Wimbledon will not take place in 2020, the All England Athletic Club announced Wednesday. Wimbledon had been scheduled to start June 29.
In a statement, the All England Club cited “public health concerns linked to the coronavirus epidemic.”
Uppermost in our mind has been the health and safety of all of those who come together to make Wimbledon happen – the public in the UK and visitors from around the world, our players, guests, members, staff, volunteers, partners, contractors, and local residents – as well as our broader responsibility to society’s efforts to tackle this global challenge to our way of life.
Ticket holders will be refunded and given an option to buy tickets to the tournament in 2021. The All England Club also said that it is developing plans to help support staff, and will also focus on helping the Covid-19 emergency response.
On Monday, German Tennis Federation vice president Dirk Hordorff told Sky Sports Germany that Wimbledon would be canceled, saying that it “is necessary in the current situation.”
Via The Guardian:
“It is completely unrealistic to imagine that with the travel restrictions that we currently have an international tennis tournament where hundreds of thousands of people from all over the world would travel. That is unthinkable.”
The decision comes in the wake of backlash against the French Open, which pushed the start of its tournament back from May 18 to Sept. 20 to the chagrin of tennis officials and players. The French Tennis Association was criticized for making a decision without consulting with players, nor with the ATP and WTA. Defending French Open champion Rafael Nadal has threatened to boycott the event.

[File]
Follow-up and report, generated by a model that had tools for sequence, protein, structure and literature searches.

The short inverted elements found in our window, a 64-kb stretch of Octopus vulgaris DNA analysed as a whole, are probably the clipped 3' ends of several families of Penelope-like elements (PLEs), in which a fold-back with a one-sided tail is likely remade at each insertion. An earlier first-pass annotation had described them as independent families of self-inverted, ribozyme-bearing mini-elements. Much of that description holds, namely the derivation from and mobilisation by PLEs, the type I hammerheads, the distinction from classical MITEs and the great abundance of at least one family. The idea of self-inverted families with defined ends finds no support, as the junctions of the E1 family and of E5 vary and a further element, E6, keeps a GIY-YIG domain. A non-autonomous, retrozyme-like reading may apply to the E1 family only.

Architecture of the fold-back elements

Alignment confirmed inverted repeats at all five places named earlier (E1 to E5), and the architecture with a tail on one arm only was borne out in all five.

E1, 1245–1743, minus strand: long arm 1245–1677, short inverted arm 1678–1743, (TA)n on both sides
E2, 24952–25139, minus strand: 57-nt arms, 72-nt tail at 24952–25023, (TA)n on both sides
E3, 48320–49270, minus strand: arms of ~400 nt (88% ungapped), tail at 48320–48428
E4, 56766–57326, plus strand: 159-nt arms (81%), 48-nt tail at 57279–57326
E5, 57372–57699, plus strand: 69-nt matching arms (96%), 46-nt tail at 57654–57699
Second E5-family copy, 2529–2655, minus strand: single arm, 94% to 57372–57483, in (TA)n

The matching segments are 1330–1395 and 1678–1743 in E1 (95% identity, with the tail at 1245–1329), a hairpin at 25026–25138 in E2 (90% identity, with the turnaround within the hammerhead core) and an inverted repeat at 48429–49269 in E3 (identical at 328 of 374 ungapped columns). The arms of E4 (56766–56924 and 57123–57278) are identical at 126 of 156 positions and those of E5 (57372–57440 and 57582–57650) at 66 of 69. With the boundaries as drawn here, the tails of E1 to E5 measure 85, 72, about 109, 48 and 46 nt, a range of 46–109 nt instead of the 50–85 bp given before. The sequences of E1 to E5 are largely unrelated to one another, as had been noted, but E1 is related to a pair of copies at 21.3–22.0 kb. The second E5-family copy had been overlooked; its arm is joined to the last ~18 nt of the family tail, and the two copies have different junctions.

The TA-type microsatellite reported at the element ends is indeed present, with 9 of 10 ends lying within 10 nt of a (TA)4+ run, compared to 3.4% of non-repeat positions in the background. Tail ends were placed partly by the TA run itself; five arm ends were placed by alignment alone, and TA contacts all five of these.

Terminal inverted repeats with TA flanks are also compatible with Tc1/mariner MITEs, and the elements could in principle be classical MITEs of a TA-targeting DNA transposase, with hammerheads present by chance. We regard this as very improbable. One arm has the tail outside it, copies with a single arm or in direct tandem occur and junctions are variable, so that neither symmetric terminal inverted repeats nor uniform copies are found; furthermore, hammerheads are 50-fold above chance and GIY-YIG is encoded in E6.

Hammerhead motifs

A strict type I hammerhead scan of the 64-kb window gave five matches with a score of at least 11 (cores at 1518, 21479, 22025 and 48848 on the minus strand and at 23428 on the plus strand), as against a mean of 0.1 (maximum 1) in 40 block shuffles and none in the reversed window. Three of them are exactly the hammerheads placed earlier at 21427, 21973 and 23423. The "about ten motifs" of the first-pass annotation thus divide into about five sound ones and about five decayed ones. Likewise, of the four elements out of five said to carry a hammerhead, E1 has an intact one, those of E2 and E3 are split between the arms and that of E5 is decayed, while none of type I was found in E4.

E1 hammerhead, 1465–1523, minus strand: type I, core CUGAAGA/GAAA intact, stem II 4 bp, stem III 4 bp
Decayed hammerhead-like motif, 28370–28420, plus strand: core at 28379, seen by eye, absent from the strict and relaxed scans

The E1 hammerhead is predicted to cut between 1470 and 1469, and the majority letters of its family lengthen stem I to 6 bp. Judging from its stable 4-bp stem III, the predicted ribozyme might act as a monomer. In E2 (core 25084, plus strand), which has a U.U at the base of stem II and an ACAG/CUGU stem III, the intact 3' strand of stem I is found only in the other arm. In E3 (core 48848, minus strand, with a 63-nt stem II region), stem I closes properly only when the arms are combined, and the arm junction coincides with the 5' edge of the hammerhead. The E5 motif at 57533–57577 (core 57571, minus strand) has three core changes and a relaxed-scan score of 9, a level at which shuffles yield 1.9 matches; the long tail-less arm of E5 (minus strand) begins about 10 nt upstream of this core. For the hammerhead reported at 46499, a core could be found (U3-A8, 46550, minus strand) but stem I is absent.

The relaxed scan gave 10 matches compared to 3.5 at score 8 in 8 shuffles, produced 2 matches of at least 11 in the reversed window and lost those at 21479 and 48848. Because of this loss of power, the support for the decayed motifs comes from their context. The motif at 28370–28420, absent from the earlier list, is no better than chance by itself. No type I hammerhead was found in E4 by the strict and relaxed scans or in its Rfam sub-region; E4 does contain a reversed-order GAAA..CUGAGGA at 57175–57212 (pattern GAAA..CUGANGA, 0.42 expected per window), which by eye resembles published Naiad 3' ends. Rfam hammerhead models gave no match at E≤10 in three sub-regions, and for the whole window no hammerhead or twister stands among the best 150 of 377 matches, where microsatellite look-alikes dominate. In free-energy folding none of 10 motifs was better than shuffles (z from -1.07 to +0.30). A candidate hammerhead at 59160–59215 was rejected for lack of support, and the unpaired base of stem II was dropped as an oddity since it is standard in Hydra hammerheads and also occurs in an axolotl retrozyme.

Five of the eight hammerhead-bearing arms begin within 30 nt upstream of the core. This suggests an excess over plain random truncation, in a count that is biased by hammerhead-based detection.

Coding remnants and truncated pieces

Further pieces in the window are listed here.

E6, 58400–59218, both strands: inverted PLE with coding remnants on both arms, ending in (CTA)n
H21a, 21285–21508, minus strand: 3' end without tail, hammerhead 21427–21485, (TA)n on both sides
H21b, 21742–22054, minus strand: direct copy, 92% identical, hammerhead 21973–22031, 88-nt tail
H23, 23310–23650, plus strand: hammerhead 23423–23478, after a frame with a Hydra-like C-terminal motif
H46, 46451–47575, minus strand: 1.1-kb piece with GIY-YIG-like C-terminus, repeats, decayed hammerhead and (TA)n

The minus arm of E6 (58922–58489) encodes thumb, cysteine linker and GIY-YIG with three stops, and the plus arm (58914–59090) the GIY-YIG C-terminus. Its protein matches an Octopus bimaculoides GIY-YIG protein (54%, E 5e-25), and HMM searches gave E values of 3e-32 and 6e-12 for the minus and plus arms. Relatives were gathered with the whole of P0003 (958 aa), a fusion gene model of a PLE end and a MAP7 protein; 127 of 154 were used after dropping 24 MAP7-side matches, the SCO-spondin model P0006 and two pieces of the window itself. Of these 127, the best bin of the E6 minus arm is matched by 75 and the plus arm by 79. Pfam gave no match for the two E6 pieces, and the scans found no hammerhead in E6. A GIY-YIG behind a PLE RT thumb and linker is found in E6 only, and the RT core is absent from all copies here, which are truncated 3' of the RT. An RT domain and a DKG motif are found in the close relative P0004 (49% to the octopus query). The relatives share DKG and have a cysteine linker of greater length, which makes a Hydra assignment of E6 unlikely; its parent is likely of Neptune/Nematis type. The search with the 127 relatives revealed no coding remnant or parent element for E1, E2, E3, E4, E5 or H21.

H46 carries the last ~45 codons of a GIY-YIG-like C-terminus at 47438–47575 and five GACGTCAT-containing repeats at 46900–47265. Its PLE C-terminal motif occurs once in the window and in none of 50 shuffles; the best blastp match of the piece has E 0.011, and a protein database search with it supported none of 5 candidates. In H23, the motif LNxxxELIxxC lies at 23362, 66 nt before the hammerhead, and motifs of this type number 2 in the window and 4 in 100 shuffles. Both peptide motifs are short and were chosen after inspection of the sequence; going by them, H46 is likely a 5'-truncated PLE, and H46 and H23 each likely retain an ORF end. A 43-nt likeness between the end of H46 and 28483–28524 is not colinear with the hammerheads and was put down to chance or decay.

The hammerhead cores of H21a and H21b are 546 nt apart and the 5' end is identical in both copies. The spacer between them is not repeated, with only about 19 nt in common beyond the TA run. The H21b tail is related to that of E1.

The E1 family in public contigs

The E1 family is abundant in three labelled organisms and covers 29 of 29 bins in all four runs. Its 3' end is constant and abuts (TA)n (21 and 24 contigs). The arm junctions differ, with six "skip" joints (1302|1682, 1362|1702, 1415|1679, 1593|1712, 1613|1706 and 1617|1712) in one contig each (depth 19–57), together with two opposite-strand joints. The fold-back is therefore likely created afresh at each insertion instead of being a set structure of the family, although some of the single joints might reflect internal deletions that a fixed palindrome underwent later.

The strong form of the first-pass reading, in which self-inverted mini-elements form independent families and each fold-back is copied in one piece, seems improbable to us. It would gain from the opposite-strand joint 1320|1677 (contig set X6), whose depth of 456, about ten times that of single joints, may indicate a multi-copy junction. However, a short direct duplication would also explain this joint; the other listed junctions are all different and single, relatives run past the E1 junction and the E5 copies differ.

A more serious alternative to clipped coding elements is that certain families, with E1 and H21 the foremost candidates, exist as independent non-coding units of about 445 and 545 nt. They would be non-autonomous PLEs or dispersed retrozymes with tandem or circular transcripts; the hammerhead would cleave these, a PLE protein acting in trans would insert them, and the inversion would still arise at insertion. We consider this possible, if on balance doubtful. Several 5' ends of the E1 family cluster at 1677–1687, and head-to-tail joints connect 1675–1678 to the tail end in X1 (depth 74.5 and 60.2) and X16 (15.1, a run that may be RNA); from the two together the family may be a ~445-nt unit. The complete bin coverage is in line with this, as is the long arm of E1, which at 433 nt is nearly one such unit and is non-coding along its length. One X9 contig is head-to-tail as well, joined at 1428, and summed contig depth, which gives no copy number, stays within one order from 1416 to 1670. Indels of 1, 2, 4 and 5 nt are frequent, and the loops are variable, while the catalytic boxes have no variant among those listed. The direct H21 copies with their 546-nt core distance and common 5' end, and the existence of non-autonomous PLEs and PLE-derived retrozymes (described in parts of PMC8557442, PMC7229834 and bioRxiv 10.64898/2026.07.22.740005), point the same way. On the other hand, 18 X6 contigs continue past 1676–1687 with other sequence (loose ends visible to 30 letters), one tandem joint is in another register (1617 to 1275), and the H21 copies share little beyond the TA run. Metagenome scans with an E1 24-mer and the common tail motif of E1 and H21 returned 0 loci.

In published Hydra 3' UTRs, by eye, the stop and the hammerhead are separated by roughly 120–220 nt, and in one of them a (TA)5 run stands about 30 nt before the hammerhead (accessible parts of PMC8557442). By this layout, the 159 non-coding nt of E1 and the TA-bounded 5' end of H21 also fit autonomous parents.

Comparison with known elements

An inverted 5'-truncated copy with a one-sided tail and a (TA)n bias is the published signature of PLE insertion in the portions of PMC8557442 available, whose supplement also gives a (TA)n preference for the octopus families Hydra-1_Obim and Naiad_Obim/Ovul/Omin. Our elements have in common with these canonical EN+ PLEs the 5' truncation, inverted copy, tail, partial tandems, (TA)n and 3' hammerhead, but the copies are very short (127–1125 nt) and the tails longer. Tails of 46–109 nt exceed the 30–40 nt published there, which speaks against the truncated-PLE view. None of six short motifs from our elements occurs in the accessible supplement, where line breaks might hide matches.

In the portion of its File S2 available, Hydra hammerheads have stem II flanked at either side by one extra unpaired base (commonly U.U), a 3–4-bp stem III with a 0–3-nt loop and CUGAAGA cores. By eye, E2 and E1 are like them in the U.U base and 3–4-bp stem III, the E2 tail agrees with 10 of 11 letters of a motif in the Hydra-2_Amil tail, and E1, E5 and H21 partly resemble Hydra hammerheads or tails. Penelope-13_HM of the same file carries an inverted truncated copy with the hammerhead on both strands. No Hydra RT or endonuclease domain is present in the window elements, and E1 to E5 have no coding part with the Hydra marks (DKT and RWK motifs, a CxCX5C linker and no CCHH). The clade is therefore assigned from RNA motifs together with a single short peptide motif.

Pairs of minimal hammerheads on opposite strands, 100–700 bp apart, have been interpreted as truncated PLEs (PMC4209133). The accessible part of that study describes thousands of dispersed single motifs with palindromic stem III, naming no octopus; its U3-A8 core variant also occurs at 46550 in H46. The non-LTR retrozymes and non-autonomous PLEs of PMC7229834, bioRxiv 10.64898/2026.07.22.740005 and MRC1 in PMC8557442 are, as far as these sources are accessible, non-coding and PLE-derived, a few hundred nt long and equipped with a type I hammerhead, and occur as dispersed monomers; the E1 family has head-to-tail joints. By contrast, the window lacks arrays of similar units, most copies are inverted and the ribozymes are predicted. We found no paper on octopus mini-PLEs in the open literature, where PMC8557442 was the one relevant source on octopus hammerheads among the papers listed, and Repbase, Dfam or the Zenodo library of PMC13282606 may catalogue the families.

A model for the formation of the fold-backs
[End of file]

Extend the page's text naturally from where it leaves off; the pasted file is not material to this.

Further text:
Canadian tennis player Vasek Popisil, who also sits on the WTA council, told the New York Times that the postponement was “insane.”
“These are really rough times, unprecedented times, and this just goes against the whole idea of the tour working together. We have a calendar. We have discussions and negotiations between the Grand Slams and the ATP. ... It’s just a very selfish move. They are basically doing a power play right now, and it’s quite arrogant.”
Wimbledon will avoid similar ire, though at the loss of the world’s most prestigious tennis event. News of its cancelation came shortly after the Olympics officially postponed until 2021. Novak Djokovic and Simona Halep are the defending Wimbledon men’s and women’s singles champions, respectively.